WASHINGTON — The head of the Environmental Protection Agency initially supported giving California and other states full or partial permission to limit tailpipe emissions _ but reversed himself after hearing from the White House, a report said Monday.
The report by the Democratic staff of the House Oversight and Government Reform Committee cites interviews and depositions with high-level EPA officials. It amounts to the first solid evidence of the political interference alleged by Democrats and environmentalists since Administrator Stephen Johnson denied California's waiver request in December.
Johnson's decision also blocked more than a dozen other states that wanted to follow California's lead and regulate greenhouse gas emissions from cars and trucks. It was applauded by the auto industry and supported by the White House, which has opposed mandatory caps on greenhouse gas emissions.
Johnson, a 27-year career veteran of the EPA, frequently has denied that his decisions are being directed by the White House. "I am the decision maker," Johnson said Monday, meeting with reporters at the Platt's Energy Podium newsmaker session, before the California waiver report surfaced.
A White House spokeswoman denied interference.
Johnson "made an independent decision," said Kristen Hellmer, spokeswoman for the White House Council on Environmental Quality.
That's not what staff of the Oversight Committee, chaired by Rep. Henry Waxman, D-Calif., concluded after hearing from eight EPA officials and reviewing over 27,000 pages of EPA documents, some obtained under subpoena.
Perhaps the strongest evidence came from EPA Associate Deputy Administrator Jason Burnett, a political appointee.
Deposed under oath, Burnett told committee staff that Johnson "was very interested in a full grant of the waiver" in August and September of 2007 and later thought a partial grant _ allowing the waiver for two or three years _ "was the best course of action."
Johnson's position changed after Johnson communicated with the White House, Burnett said.
Burnett also said there was White House input into the December letter to Gov. Arnold Schwarzenegger announcing the waiver denial, and into the formal decision document released in February.
The committee was stymied in its attempts to discover the extent and rationale for the White House's involvement.
Burnett refused to answer questions about whom Johnson talked to and when, saying EPA told him not to.
Also, the EPA continues to withhold documentation of contacts with the White House, the report said. The White House Counsel's office told committee investigators the EPA has 32 documents showing telephone calls or meetings involving at least one high-ranking EPA official and at least one assistant to the president or the president. The Counsel's office described these documents as "indicative of deliberations at the very highest level of government."
"It appears that the White House played a significant role in the reversal of the EPA position," the report concludes.
EPA spokesman Jonathan Shradar dismissed the report as "nothing new."
Johnson "made his decision based on the facts and the law," Shradar said. He did not respond when asked if it was true Johnson initially supported the waiver.
Rep. Tom Davis of Virginia, top Republican on the Oversight Committee, asserted that if the decision had gone the other way, there would be no complaints of presidential meddling.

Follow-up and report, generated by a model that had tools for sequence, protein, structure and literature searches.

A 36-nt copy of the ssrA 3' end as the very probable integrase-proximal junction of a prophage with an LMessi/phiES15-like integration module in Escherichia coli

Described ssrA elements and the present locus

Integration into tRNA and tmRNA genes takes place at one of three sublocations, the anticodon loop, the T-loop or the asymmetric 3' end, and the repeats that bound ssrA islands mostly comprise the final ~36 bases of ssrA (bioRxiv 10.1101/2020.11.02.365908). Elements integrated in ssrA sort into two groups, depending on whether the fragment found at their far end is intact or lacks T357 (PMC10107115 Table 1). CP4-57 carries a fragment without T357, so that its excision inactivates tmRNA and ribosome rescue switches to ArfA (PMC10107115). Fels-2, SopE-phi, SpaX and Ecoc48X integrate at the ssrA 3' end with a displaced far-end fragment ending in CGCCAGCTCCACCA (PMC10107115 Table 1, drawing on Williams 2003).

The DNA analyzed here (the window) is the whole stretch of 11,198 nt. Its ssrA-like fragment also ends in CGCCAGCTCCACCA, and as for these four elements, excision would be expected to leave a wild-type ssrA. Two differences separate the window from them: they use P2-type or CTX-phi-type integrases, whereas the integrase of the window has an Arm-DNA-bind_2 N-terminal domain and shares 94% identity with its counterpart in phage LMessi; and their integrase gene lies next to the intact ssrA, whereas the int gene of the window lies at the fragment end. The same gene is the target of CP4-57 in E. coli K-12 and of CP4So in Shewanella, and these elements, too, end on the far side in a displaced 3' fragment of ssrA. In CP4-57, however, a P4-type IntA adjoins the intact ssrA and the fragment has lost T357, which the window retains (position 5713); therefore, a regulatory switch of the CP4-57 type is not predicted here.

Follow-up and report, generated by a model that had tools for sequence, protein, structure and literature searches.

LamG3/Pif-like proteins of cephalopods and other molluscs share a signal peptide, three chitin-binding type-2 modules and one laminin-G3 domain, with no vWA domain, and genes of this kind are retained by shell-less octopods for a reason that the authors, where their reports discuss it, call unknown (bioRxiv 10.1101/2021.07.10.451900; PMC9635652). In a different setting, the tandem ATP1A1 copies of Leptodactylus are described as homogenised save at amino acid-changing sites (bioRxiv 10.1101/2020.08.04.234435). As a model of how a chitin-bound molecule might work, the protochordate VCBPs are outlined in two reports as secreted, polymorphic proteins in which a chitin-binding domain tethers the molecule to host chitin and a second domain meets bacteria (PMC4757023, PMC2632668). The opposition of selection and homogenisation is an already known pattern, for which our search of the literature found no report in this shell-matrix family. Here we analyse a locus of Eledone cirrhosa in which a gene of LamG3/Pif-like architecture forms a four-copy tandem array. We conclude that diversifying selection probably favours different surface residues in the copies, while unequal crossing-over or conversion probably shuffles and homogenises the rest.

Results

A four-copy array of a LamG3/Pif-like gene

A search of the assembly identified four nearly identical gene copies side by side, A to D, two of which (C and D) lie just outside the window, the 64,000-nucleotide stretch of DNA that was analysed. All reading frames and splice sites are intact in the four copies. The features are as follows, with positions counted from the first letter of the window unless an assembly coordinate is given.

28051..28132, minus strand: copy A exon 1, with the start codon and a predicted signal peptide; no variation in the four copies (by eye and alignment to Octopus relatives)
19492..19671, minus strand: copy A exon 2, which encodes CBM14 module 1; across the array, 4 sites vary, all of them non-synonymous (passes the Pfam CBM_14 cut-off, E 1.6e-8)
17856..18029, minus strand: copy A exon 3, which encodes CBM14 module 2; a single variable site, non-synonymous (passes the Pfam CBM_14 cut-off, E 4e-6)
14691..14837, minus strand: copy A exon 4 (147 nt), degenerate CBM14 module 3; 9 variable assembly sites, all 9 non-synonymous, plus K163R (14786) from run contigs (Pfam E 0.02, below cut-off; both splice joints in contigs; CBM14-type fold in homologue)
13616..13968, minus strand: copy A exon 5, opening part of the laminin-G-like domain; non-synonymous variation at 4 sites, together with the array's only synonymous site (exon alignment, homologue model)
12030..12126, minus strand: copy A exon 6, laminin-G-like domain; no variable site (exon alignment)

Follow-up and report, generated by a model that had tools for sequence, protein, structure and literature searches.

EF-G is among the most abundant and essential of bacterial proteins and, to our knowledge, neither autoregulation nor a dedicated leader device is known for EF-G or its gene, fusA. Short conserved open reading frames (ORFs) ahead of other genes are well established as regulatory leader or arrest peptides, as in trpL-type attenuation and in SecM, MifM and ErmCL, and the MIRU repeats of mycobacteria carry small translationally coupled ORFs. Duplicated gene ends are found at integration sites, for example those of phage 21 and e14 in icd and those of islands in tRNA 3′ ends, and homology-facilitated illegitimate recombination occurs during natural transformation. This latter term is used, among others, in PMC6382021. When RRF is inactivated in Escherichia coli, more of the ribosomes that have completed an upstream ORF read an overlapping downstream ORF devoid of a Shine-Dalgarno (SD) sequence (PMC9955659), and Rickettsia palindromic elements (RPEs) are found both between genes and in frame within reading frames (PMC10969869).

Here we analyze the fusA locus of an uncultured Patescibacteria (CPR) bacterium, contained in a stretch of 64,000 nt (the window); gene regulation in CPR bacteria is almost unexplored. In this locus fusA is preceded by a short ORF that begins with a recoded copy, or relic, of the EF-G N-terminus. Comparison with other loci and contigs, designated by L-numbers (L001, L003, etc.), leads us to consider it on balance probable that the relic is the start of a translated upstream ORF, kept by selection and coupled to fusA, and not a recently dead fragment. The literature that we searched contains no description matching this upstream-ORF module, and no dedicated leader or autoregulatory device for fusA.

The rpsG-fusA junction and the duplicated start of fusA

"Yes, the White House was involved," Davis said in a statement. "Just as President Clinton's White House was involved in 107 agency rule-makings. ... The majority's problem is not with the process; it's with the outcome."
The committee also found, as has been previously reported, that career EPA staff was unanimously in favor of granting the California waiver and believed that a denial would not stand up in court. The report detailed previously unreported attempts by political appointees to soft-pedal EPA staff conclusions supporting the waiver in presentations to Johnson, or to avoid committing them to paper.
An internal EPA e-mail said Bob Meyers, the principal deputy assistant administrator for the Office of Air and Radiation, was "not happy" that a staff conclusion that California met the waiver criteria was included in a briefing to Johnson last summer. Meyers' chief of staff suggested staff should "permanently delete the offending language and not have it arise again."
Because California began regulating air emissions before the federal government it has unique authority under the Clean Air Act to institute its own air rules if it gets a federal waiver. Other states can then follow California's rules or the federal ones. No waiver request had previously been fully denied.
California's law would have forced automakers to cut greenhouse gas emissions by 30 percent in new cars and light trucks by 2016, beginning with the 2009 model year. Thirteen other states already have adopted the standards _ Arizona, Connecticut, Maine, Maryland, Massachusetts, New Mexico, New Jersey, New York, Oregon, Pennsylvania, Rhode Island, Vermont, and Washington.
Johnson justified denying the waiver by arguing that California is not alone in suffering the effects of global warming and therefore doesn't have a compelling need for its own greenhouse gas standards. A new federal fuel efficiency law is a better approach, he said, though California officials argue their law is tougher and faster-acting.
The EPA has been sued by California, other states and environmental groups over the decision, and Sen. Barbara Boxer, D-Calif., has introduced legislation to overturn it. Boxer plans to bring her bill to a vote Wednesday in the Environment and Public Works Committee she chairs.